Sixty-seven days. They say it only takes 21 days to create a habit so after sixty-seven you’d be surprised to what you can get used to. The plastic barrier separating you from the cashier at the grocery store, the underlying suspicion and fear in everyone’s eyes as they cross the street to avoid you, knowing […]Read More
So you’ve done it! You’ve convinced your Spanish boyfriend or girlfriend that the best and most fool-proof way for you to remain in Spain and be able to work legally is for them to sign a teeny piece of paper which doesn’t even legally change their marital status and really isn’t such a big deal. […]Read More
Some of the most entertaining moments you will probably have in your first time abroad is when someone sheepishly asks you, “So…I saw this on a film…is it really like this in America?” And it will hit you like a ton of bricks that what for you, living your life in the States was perfectly […]Read More
If you’ve landed here, you are probably in a relationship with a Spaniard or European and considering, perhaps for visa purposes, perhaps not, whether doing a civil union, or pareja de hecho or just getting hitched is right for you. Here, I’ll lay out the similarities and differences between the two so you can decide which […]Read More
Ah, yes. The ever-evasive question I get most asked by Americans who have no immediate European family members, “how have you been able to stay here so long?” My answer is short, but the real answer is long. Very long. In short, I’ve been able to stay because I became pareja de hecho, (a civil […]Read More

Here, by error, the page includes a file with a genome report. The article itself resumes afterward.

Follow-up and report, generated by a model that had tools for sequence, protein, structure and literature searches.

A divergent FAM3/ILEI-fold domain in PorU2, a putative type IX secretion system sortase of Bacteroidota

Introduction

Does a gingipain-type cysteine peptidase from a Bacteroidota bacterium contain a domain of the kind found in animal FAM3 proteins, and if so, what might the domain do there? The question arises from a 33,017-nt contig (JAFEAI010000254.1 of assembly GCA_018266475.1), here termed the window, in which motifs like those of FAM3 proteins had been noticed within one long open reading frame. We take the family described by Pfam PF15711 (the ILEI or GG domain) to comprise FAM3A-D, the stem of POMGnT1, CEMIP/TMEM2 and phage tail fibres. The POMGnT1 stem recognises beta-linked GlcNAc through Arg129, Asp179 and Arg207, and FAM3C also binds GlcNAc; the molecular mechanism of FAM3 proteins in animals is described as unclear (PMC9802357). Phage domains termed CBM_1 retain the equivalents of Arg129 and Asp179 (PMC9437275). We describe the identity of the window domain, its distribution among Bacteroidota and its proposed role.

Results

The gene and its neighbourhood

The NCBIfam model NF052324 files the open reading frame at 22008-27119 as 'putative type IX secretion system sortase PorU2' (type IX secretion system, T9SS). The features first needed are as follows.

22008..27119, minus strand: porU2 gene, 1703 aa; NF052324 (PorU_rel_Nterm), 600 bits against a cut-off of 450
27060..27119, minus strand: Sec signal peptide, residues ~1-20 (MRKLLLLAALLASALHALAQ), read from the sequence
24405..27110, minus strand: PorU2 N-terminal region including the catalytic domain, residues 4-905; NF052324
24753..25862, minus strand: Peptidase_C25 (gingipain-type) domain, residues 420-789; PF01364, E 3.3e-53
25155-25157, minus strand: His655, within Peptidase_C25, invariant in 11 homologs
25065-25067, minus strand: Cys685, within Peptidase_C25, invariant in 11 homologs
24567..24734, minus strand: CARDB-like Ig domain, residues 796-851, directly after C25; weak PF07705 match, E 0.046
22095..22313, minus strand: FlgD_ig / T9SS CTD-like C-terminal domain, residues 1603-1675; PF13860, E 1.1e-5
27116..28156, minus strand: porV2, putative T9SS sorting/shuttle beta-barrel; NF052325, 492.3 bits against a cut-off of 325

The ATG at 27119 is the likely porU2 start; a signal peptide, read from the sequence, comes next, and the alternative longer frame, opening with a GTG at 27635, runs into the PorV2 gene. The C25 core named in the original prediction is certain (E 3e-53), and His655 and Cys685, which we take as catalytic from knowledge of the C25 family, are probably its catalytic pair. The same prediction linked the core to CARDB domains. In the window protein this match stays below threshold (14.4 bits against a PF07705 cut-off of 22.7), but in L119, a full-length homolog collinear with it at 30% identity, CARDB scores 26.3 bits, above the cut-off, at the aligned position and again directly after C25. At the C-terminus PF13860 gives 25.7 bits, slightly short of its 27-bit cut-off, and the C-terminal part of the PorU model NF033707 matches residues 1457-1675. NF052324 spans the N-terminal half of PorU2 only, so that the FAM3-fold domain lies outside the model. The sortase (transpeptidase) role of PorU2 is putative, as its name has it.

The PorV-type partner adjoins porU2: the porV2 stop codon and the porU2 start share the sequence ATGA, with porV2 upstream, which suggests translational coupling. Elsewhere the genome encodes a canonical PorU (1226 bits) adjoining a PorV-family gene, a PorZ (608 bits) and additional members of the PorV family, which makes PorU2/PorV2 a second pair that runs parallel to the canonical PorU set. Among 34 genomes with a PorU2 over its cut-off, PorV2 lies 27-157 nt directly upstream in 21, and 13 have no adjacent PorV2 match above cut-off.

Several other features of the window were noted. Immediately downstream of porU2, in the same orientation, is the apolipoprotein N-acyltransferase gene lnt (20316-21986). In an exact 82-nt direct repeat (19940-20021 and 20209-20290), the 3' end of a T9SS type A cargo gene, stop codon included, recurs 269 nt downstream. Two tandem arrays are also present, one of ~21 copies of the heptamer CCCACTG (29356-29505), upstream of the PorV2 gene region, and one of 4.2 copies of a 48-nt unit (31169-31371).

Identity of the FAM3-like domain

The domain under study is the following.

Written by guest writer: Javier Garcia of Cool Tours Spain As a major European capital city, there are plenty of things to do in town but take a look at the following guide to discover Madrid on a budget. To start off, I’ll use several well-known locations to make you understand that today I am writing […]Read More
Let’s just say it–living the auxiliar life can be great, but it can also leave you wanting and needing more. The schedule is minimal, the job itself is usually…less than fulfilling, and the pay will likely have you moonlighting at a low paying academy or riding the metro around town for 25 different private classes. Without fail, lots of language assistants will be searching for a way to continue working in education, (and some likely looking for any way NOT to work in education), while still living out their dream life in Spain, with a decent salary. Sounding familiar yet?
Enter, the questions I get asked the most about my experience living in Spain; how have I been here so long as an American and how did I find work in international and semi-private schools in Spain?
In this post I will be very transparent on my experiences–good, bad, and terribly paid, so read on if you want some hard truths as well as possibilities for your future.Read More
Short background: my husband is Spanish and I am American. I have lived in Spain for nearly ten years, and with him for seven of them. Our wedding was on July 6th, 2019, at 8:30pm, performed as a civil ceremony by my sister and his oldest brother. Keep this information in mind as you read […]Read More
Have a short jaunt to this small town in the north of Thailand? Make the most of it with these tips!Read More
This post could also be titled, “Everything I wish I knew about private classes before I started.” In over nine years as a teacher in Spain I have had to take on my share of private classes, usually against my own wishes and thanks to the insistence from my bank account. If you are an […]Read More